In The Wall Street Journal, Joseph Rago interviews Hugh Herr, the man on the frontier of prosthetic invention—including his own legs.
'It's extraordinary that we live in this day and age with all our wonderful modern technology, and still we have shoes that give us blisters," says Hugh Herr, with more than a little incredulity and perhaps even fresh anger at this lack of progress. "Shoes are one of the oldest devices that exist across the human timeline and it is juststaggering that we haven't figured out that problem."
It's a remarkable observation, on reflection, in more ways than one. Footwear and its discontents are more or less inevitabilities most of us take for granted. Also, Dr. Herr lacks biological legs below the knee.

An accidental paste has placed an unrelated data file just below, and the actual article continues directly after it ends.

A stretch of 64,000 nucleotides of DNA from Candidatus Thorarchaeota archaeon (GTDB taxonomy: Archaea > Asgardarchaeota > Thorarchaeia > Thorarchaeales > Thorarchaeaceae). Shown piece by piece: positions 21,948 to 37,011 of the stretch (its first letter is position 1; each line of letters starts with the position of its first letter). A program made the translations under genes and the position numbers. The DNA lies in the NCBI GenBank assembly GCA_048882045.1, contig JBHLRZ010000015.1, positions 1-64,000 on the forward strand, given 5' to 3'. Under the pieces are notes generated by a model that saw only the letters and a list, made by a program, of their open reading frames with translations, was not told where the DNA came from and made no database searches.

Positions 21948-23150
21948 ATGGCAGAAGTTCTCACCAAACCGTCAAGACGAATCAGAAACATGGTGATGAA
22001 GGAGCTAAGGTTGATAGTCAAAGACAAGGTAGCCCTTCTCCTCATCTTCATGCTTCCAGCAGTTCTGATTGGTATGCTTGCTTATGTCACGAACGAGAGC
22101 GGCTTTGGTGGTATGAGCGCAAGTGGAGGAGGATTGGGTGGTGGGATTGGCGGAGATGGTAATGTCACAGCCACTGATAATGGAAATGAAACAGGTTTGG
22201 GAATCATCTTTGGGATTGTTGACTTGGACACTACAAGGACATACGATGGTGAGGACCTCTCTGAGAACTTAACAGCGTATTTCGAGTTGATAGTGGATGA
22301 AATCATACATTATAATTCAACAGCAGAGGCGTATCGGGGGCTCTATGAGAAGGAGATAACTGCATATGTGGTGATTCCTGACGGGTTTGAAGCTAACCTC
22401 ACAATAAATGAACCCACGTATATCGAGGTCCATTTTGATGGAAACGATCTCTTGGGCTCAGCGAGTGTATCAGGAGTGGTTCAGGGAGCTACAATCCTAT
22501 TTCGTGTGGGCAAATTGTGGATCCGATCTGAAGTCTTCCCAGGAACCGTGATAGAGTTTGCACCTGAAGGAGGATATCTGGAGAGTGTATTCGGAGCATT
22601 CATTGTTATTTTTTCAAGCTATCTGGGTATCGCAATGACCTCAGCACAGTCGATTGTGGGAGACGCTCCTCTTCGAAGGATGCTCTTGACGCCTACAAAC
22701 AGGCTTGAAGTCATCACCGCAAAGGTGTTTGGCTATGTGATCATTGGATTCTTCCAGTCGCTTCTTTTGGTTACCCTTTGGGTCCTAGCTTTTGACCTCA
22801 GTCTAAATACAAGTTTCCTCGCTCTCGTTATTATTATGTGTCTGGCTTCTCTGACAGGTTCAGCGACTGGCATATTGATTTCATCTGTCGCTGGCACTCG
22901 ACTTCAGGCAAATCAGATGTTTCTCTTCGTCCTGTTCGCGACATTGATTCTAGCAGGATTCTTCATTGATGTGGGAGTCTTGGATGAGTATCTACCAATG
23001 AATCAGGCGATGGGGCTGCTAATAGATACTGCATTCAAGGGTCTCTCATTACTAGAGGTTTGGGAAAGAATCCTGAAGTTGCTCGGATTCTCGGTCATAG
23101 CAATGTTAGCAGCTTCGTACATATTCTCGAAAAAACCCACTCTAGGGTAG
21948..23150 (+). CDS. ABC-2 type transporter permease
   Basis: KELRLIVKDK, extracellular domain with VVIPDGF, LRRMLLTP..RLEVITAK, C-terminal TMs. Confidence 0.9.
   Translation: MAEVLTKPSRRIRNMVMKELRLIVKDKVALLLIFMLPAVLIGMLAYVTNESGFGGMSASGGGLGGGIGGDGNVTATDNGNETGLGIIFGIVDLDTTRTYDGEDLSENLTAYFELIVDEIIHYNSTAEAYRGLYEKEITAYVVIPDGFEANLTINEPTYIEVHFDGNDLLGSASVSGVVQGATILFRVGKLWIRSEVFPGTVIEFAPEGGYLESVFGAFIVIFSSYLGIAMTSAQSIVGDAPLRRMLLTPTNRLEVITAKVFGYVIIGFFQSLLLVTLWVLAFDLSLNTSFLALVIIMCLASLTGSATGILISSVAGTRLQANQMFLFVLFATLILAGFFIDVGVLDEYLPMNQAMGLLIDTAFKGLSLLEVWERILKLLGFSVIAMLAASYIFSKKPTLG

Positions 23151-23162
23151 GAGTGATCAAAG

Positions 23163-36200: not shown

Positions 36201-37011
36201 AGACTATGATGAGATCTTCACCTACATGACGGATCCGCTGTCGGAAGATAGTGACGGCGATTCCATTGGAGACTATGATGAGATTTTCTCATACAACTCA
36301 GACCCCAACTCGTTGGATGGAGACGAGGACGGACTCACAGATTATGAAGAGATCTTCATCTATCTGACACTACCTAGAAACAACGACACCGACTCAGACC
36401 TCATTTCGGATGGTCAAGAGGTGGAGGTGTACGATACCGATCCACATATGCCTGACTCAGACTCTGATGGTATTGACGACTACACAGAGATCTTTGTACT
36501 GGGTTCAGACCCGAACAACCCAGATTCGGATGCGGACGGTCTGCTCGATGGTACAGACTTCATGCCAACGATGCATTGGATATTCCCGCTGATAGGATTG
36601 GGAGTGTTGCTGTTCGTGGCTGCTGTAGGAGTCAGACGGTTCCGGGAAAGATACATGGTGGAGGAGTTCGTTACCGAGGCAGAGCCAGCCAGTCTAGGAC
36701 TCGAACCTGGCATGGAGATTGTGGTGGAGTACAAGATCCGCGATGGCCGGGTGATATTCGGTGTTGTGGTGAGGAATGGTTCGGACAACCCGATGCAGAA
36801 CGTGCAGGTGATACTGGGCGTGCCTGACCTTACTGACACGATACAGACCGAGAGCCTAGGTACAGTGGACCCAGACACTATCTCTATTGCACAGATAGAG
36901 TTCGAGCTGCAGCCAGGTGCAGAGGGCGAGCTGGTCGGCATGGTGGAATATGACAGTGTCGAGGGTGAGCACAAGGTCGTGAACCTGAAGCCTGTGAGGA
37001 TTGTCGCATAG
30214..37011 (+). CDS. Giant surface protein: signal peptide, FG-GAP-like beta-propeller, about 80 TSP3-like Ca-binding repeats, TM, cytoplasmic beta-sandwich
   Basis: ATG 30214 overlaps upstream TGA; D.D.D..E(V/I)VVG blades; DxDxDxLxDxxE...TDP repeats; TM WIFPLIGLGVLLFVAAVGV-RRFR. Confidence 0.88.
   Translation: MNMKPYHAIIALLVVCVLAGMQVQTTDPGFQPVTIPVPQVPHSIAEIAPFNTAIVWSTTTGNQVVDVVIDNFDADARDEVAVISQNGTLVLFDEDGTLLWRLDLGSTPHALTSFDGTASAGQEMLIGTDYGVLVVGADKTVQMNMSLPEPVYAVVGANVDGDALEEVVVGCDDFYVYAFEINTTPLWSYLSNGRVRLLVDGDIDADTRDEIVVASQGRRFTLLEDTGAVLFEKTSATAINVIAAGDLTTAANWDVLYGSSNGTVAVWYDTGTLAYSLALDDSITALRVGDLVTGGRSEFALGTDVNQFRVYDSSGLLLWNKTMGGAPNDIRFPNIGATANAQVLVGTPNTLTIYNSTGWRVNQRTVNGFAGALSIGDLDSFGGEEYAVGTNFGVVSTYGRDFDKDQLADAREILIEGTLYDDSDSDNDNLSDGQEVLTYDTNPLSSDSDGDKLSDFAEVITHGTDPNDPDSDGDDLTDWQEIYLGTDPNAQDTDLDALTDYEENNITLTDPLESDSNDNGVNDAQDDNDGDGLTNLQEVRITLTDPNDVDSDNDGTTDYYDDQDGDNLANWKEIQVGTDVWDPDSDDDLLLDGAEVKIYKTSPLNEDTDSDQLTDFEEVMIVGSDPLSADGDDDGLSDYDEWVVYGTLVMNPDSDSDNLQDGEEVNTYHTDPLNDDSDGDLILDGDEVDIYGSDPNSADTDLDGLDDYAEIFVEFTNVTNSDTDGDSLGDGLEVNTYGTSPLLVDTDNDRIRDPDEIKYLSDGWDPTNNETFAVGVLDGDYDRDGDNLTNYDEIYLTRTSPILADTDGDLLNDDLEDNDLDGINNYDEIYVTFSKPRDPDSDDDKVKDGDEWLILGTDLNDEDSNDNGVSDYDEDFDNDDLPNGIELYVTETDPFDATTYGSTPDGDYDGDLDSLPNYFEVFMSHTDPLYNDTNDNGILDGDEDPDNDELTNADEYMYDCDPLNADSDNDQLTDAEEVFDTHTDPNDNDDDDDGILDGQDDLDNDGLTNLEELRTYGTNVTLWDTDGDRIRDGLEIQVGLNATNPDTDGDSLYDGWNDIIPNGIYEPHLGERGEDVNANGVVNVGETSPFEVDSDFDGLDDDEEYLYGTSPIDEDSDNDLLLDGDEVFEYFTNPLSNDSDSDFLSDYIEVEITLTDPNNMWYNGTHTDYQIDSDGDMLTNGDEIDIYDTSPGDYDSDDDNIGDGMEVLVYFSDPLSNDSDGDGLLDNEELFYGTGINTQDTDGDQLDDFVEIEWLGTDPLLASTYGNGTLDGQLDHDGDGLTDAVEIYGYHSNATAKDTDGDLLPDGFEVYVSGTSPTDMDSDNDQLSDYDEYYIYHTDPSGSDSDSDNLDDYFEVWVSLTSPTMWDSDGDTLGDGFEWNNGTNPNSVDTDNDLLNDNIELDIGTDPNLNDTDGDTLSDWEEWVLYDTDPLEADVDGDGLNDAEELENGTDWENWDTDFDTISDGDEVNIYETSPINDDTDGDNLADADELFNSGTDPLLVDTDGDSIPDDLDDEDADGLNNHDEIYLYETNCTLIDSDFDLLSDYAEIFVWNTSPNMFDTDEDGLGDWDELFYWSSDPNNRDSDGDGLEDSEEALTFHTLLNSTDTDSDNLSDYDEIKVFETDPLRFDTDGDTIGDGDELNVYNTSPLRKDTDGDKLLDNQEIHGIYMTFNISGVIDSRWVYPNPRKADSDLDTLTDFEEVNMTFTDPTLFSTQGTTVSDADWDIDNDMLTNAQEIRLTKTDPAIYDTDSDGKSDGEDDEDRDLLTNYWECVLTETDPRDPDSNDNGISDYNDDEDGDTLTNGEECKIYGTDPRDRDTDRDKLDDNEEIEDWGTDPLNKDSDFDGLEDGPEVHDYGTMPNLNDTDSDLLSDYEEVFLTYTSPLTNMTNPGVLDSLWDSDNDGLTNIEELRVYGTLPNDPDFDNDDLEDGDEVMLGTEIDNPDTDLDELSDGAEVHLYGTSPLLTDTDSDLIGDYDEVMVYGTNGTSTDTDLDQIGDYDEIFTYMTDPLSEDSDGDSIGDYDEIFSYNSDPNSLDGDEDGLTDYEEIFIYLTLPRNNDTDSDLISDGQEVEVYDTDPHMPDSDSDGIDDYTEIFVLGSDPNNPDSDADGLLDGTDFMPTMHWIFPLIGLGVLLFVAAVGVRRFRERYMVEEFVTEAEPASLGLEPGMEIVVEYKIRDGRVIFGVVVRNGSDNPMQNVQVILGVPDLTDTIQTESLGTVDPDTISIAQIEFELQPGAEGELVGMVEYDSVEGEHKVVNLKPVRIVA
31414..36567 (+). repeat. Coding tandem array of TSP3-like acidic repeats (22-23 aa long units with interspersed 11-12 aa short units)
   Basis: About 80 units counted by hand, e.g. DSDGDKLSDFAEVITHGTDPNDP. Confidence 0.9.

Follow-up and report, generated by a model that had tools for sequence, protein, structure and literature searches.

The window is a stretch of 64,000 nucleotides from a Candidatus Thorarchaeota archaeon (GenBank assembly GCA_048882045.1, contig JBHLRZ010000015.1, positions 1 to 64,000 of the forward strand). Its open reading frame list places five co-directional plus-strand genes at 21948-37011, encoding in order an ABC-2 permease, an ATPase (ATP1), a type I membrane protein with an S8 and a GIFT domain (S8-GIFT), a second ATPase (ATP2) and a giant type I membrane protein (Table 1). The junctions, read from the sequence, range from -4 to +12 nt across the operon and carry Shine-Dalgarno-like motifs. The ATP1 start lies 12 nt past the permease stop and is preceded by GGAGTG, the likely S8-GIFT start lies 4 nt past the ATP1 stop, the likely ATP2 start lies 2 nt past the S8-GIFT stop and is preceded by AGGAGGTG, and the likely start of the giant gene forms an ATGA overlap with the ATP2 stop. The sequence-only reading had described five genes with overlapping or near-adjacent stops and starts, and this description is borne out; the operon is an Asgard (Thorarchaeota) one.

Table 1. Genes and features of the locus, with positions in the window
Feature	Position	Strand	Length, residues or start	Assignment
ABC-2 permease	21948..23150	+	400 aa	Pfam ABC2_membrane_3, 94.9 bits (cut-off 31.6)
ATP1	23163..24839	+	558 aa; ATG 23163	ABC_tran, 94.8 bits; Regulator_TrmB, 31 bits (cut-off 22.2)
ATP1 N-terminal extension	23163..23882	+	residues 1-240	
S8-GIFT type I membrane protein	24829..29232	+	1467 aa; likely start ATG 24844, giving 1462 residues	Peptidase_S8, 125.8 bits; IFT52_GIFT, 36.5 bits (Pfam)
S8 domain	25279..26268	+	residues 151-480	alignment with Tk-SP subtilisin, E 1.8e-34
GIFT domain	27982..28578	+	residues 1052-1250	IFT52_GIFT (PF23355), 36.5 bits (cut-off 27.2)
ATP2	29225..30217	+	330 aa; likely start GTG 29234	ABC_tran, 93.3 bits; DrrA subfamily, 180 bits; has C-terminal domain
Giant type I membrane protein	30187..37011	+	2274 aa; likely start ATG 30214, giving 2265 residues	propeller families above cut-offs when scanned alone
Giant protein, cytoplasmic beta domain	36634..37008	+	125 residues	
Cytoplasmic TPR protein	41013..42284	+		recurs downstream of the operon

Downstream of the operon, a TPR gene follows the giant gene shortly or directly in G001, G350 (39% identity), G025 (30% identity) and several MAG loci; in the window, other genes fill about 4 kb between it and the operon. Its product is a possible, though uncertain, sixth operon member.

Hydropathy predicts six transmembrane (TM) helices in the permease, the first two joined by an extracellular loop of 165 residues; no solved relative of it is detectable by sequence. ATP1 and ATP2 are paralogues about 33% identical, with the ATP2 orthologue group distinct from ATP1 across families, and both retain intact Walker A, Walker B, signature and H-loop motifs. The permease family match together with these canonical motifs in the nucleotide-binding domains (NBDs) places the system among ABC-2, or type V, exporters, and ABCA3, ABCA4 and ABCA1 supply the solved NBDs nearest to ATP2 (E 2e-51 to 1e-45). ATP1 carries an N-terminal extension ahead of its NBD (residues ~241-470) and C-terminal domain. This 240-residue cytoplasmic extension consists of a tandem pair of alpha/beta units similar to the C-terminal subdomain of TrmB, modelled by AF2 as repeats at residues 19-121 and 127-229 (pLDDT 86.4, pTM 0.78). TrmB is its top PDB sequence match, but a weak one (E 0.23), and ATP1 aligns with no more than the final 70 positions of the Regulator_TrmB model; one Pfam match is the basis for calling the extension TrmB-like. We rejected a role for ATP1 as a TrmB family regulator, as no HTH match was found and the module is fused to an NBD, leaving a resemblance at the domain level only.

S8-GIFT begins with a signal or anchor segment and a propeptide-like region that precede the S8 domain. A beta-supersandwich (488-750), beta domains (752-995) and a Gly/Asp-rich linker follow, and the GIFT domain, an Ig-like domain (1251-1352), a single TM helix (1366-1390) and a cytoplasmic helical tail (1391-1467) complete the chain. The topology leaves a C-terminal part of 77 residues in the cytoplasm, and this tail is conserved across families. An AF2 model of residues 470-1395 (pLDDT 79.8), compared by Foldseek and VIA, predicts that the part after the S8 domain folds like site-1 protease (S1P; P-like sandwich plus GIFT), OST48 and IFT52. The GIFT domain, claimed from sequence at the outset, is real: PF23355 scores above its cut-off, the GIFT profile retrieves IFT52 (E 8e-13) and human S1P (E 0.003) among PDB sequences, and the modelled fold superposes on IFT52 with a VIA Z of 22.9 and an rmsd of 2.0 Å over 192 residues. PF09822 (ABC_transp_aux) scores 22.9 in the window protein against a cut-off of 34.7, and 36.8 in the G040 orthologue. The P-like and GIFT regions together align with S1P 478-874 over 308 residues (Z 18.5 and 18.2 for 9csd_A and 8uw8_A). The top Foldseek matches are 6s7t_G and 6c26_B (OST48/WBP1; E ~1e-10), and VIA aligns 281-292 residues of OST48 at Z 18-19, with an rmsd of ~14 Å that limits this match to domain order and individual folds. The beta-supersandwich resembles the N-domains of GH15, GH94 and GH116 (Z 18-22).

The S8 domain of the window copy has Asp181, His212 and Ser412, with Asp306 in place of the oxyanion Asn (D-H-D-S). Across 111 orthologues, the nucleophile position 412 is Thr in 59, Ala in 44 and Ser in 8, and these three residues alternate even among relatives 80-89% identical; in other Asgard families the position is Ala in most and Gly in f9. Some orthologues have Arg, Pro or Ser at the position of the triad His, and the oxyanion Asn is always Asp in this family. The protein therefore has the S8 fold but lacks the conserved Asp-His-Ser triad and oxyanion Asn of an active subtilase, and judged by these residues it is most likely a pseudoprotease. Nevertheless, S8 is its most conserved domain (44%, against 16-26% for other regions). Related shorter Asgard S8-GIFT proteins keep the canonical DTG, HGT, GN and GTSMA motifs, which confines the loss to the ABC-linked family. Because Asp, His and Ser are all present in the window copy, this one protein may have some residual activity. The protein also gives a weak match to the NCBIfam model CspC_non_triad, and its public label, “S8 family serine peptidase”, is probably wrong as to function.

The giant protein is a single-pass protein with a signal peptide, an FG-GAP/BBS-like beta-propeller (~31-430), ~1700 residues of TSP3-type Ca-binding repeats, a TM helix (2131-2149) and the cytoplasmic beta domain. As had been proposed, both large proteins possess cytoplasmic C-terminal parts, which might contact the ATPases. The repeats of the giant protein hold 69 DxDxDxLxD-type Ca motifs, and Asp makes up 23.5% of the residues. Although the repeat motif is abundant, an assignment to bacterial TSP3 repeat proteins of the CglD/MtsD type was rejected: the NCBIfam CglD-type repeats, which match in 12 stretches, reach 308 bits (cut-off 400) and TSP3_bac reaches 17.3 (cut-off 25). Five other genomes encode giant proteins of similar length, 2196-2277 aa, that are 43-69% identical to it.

He is fitted with bionic prosthetics of his own invention, known as BiOMs, with his trousers rolled to display what he calls their "machine beauty." Dr. Herr (pictured nearby) is the director of the Biomechatronics Research Group at the Massachusetts Institute of Technology Media Lab and a world leader at the frontiers of limb replacement and rehabilitation.
Here in a glass-walled office on the mezzanine off his huge two-story campus workshop, Dr. Herr explains that he is trying to create machines that rival or are better than the real thing. His team is building "what I hope will be the most comprehensive human improvement lab in the world," he says. "As we step into the future more and more people will have parts of their bodies that are designed, are part of the built world," he says. "What's intriguing is that the designed part of the body can improve in time, whereas the normal body, the biological body, degrades in time."